Defense Date


Document Type


Degree Name

Doctor of Philosophy


Medical Physics

First Advisor

Jamal Zweit


The development of hybrid PET/MRI imaging systems needs to be paralleled with the development of a hybrid intrinsic PET/MRI probes. The aim of this work was to develop and validate a novel radio-superparamagnetic nanoparticle (r-SPNP) for hybrid PET/MRI imaging. This was achieved with the synthesis of superparamagnetic iron oxide nanoparticles (SPIONs) that intrinsically incorporated 59Fe and manganese iron oxide nanoparticles (MIONs) that intrinsically incorporated 52Mn. Both [59Fe]-SPIONs and [52Mn]-MIONs were produced through thermal decomposition synthesis. The physiochemical characteristics of the r-SPNPs were assessed with TEM, DLS, and zeta-potential measurements, as well as in imaging phantom studies. The [59Fe]-SPIONs were evaluated in vivo with biodistribution and MR imaging studies. The biodistrubution studies of [59Fe]-SPIONs showed uptake in the liver. This corresponded with major MR signal contrast measured in the liver. 52Mn was produced on natural chromium through the 52Cr(p,n)52Mn reaction. The manganese radionuclides were separated from the target material through a liquid-liquid extraction. The αVβ3 integrin binding of [52Mn]-MION-cRGDs was evaluated with αVβ3 integrin solid phase assays, and the expression of αVβ3 integrin in U87MG xenograft tumors was characterized with fluorescence flow cytometry. [52Mn]-MION-cRGDs were used for in vivo PET and MR imaging of U87MG xenograft tumor bearing mice. PET data showed increased [52Mn]-MION-cRGD uptake compared with untargeted [52Mn]-MIONs. ROI analysis of PET and MRI data showed that MR contrasted corresponded with PET signal. Future work will utilize [52Mn]-MION-cRGDs in other tumor models and with hybrid PET/MRI imaging systems.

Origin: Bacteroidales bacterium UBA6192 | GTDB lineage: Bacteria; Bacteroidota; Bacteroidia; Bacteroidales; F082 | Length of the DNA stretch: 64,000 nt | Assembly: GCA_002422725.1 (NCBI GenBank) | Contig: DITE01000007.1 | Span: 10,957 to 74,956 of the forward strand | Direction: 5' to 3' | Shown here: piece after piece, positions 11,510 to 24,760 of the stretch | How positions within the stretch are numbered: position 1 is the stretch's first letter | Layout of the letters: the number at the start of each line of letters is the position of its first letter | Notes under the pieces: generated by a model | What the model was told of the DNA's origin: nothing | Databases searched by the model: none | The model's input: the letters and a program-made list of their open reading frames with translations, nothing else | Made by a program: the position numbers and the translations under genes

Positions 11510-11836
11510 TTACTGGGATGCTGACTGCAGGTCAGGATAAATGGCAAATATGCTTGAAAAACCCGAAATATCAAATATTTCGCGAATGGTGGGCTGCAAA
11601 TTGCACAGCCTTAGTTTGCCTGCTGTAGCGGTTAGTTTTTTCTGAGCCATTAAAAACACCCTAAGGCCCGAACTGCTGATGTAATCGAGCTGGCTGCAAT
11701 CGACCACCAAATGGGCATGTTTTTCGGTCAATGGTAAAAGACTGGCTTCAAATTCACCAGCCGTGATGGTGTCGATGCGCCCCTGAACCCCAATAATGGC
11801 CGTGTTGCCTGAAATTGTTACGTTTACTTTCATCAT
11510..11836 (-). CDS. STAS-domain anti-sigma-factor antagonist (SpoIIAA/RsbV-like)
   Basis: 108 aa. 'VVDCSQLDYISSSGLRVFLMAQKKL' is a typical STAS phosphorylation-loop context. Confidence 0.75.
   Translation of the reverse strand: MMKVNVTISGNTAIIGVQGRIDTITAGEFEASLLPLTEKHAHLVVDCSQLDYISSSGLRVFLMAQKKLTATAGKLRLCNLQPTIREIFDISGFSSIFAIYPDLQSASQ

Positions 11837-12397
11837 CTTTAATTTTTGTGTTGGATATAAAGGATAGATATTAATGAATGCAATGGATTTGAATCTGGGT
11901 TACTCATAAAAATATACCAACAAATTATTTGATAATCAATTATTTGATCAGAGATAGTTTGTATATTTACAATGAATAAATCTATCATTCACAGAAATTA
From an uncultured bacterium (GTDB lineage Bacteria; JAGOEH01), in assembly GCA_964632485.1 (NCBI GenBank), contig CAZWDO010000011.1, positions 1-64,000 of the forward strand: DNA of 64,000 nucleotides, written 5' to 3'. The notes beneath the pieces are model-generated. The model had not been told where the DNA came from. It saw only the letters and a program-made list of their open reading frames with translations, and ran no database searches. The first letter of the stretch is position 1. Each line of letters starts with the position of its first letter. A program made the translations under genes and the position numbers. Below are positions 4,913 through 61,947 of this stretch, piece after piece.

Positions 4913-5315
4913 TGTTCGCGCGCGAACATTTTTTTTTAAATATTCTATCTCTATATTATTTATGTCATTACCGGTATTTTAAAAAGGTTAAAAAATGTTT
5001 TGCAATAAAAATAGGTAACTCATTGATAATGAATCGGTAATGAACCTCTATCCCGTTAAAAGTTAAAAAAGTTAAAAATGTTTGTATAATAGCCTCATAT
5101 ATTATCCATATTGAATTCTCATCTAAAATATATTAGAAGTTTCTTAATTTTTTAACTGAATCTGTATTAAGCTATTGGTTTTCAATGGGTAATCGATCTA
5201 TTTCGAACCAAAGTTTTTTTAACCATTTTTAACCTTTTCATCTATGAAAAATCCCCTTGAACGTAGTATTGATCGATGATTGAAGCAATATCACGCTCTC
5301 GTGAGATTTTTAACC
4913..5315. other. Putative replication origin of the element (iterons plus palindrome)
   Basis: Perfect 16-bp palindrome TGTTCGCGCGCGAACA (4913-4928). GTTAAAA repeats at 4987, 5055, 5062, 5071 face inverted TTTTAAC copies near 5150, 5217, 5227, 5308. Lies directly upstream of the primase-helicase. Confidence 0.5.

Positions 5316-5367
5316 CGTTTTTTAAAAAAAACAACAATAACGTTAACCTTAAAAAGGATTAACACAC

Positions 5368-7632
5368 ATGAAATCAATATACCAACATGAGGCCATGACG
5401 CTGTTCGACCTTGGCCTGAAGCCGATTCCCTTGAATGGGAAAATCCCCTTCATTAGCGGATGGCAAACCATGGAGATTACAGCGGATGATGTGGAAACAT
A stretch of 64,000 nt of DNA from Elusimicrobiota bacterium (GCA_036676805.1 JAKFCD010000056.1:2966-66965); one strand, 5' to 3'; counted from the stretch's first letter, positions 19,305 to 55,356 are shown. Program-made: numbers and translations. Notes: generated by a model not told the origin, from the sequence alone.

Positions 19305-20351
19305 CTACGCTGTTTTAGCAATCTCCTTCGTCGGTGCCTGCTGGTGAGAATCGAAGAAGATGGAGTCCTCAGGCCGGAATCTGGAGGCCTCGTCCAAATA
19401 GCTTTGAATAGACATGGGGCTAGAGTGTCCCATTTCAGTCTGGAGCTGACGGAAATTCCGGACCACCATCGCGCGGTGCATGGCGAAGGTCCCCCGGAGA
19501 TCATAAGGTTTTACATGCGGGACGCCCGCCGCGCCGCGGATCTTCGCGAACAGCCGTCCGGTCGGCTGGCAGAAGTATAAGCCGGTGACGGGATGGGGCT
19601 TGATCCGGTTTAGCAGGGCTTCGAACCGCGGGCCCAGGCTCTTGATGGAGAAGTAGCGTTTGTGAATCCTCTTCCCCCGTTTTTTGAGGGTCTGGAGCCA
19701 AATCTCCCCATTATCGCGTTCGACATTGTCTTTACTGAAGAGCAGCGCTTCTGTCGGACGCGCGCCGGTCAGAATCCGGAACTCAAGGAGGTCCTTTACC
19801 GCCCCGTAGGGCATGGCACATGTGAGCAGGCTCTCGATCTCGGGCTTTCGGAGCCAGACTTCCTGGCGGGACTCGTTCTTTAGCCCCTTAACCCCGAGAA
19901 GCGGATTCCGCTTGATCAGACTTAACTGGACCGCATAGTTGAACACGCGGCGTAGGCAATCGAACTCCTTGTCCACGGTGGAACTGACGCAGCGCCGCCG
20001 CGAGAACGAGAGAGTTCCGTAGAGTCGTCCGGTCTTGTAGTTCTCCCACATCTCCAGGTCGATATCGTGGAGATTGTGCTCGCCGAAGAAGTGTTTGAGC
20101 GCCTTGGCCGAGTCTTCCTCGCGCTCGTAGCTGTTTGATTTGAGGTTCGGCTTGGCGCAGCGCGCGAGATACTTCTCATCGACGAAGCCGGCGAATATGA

© The Author

Is Part Of

VCU University Archives

Is Part Of

VCU Theses and Dissertations

Date of Submission

December 2013